About The Estate
The Ashton Estate is a fascinating work of both man and nature. Created at the turn of the 19th century by a mercantile family, The Estate has an interesting socio-economic history comprising a “model settlement” superimposed on a more ancient village.
Whilst the function of many estate buildings has changed, much of the “model settlement” remains physically intact, an unlikely outcome given the dynamics of modern life. The more ancient settlement is represented by a number of Grade II Listed buildings. Several of the “Edwardian” buildings are also Listed.
It is believed that the model settlement was the master plan of the fashionable Victorian architect, William Huckvale. Construction of estate cottages was a particular interest of Huckvale and the many “Edwardian” cottages are believed to be examples of Huckvales work. The Ashton Estate is one of the few remaining “Model Farms” that exists in a form that might be recognisable to its Victorian/Edwardian creators: much of the fabric is intact. The model settlement is of interest to the economic historian as well as to admirers of period buildings and of traditional English countryside.
Some of the land on the Ashton Estate is undulating and by virtue of its elevated position enjoys interesting views. Ashton is renowned for its beautiful and ecologically important woodland. Persons renting property on the CDL Sector of Ashton Estate have full access to some (but not all) areas of the Estate.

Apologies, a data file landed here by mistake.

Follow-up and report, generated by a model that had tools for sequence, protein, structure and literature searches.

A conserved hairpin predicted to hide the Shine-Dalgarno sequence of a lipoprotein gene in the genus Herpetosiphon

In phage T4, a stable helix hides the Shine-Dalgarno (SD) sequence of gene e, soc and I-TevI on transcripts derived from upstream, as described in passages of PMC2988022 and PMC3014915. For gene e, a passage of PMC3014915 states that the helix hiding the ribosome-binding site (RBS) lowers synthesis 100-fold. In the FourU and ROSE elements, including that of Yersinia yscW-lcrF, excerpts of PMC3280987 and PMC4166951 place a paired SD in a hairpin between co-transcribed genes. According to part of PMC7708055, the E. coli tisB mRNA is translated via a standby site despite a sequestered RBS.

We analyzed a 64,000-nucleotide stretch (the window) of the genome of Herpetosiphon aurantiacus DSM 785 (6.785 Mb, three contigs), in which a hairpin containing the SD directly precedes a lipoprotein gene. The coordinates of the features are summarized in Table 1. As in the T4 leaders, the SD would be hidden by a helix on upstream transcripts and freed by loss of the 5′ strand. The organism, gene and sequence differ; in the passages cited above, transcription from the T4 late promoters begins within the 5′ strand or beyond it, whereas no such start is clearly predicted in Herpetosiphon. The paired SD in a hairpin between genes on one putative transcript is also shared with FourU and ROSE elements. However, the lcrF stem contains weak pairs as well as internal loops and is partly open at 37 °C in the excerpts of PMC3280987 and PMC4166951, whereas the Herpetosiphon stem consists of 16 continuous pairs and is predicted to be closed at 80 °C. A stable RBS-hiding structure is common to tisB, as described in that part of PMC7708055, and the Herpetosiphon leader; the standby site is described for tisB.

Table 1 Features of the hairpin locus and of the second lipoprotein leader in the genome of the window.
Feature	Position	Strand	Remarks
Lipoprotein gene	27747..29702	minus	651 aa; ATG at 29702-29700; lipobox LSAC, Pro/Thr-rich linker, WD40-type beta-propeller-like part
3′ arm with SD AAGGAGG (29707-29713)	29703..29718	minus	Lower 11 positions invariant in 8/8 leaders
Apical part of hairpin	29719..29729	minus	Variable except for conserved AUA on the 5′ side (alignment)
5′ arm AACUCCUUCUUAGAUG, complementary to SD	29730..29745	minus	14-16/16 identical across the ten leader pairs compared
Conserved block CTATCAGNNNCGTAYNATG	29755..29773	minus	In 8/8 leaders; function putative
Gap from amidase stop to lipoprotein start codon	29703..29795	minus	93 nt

No members of the Rothschild family reside on the Ashton Estate: thus, whilst the Estate lacks the focal point of a family occupied “big house” there is an egalitarian feel to the community.
The Estate enjoys a variety of properties, from a five bedroom listed Manor House to two bedroom cottages – but there is, in our view, no pronounced social hierarchy! On the contrary, enjoyment of village and countryside seem to bind people into a neighbourly enclave!
The Ashton Estate is a Private Estate – Entry is by written invitation only
a) Access to the public is not permitted, and is by written invitation only.
b) The private road between West Lodge and East Lodge is not to be used as a through road and is only to be used by residents of Ashton Wold. Use of this private road (whether on foot, on bicycles, on horse or vehicle or on an agricultural vehicle) is strictly forbidden. Trespassing as the word implies is forbidden.